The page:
The Channel Islands support a rich variety of birds, distinct in many ways from the birds of the adjacent mainland. The islands offer protected habitat in an increasingly disturbed southern California environment.
Viewing Seabirds and Shorebirds
The islands are particularly important for seabirds, offering critical nesting habitat. The particular association of northern and southern species found here is not duplicated anywhere else in the world. The islands support large numbers of western gulls, Cassin's auklets, Brandt's cormorants, and the only nesting population of California brown pelicans along the West Coast of the United States. Also, the islands support the world's largest population of Scripps's murrelets.
While some seabird species may be viewed from the islands, park boat concessioners will search for seabirds on boat trips out to the islands. Be sure to tell a boat crew member that you are interested in seabirds and they will often assist in finding and identifying birds. In addition, local chapters of the Audubon Society occasionally sponsor boats trips around the islands to view seabirds. Due to limited beach access on some islands, shorebird viewing is best done on Santa Cruz, Santa Rosa, and San Miguel Islands.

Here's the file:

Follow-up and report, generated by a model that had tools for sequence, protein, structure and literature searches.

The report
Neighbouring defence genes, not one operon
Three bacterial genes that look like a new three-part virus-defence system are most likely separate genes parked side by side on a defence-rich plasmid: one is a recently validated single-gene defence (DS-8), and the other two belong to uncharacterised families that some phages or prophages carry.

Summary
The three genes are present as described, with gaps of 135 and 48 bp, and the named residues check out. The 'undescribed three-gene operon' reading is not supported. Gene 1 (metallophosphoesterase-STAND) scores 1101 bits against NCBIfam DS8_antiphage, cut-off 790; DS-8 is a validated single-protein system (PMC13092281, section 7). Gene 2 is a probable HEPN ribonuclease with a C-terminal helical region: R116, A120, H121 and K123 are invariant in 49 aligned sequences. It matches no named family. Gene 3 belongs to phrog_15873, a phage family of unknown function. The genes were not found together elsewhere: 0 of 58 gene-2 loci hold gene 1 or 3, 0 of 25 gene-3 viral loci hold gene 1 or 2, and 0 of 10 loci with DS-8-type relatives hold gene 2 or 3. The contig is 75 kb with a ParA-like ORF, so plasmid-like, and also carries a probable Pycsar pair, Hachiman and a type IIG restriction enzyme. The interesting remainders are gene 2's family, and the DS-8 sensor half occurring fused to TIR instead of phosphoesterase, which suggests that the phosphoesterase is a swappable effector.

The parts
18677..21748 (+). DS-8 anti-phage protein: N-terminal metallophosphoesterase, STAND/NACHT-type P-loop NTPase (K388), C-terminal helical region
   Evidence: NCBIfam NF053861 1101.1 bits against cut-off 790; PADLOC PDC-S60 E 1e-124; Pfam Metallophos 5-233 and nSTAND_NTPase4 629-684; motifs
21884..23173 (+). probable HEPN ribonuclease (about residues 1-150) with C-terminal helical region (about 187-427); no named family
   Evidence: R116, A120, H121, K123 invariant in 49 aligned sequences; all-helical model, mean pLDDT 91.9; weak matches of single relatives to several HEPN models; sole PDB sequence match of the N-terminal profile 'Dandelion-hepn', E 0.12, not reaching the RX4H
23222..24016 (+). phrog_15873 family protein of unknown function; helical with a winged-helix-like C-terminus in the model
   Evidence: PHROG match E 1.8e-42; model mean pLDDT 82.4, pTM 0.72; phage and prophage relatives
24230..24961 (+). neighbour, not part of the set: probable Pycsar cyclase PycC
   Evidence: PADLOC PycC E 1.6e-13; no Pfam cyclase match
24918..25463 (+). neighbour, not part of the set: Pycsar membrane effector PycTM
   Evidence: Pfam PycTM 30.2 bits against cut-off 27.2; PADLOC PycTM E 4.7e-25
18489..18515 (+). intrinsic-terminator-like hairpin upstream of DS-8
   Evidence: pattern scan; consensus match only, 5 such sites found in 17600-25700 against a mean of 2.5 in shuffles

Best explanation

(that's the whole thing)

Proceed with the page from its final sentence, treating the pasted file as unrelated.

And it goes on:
The landbirds are also a distinctive group-they represent a unique selection of the birds that live on the California mainland. Ten of the 40 landbird species that commonly nest on the park islands are represented by endemic species or subspecies-forms that occur only on the islands and nowhere else. Of this group, the island scrub-jay (found on Santa Cruz Island) is the only bird that is endemic at the species level.
The larger islands of Santa Cruz and Santa Rosa offer more types of habitats and, therefore, more variety of landbirds. Many birders visit Prisoners Harbor (easiest viewing opportunity) or Scorpion Ranch on Santa Cruz Island to view the island scrub-jay.
For more information about specific birding location, please visit the "Things To Do" section for each individual island:
For more information on the natural history of birds, visit Birds.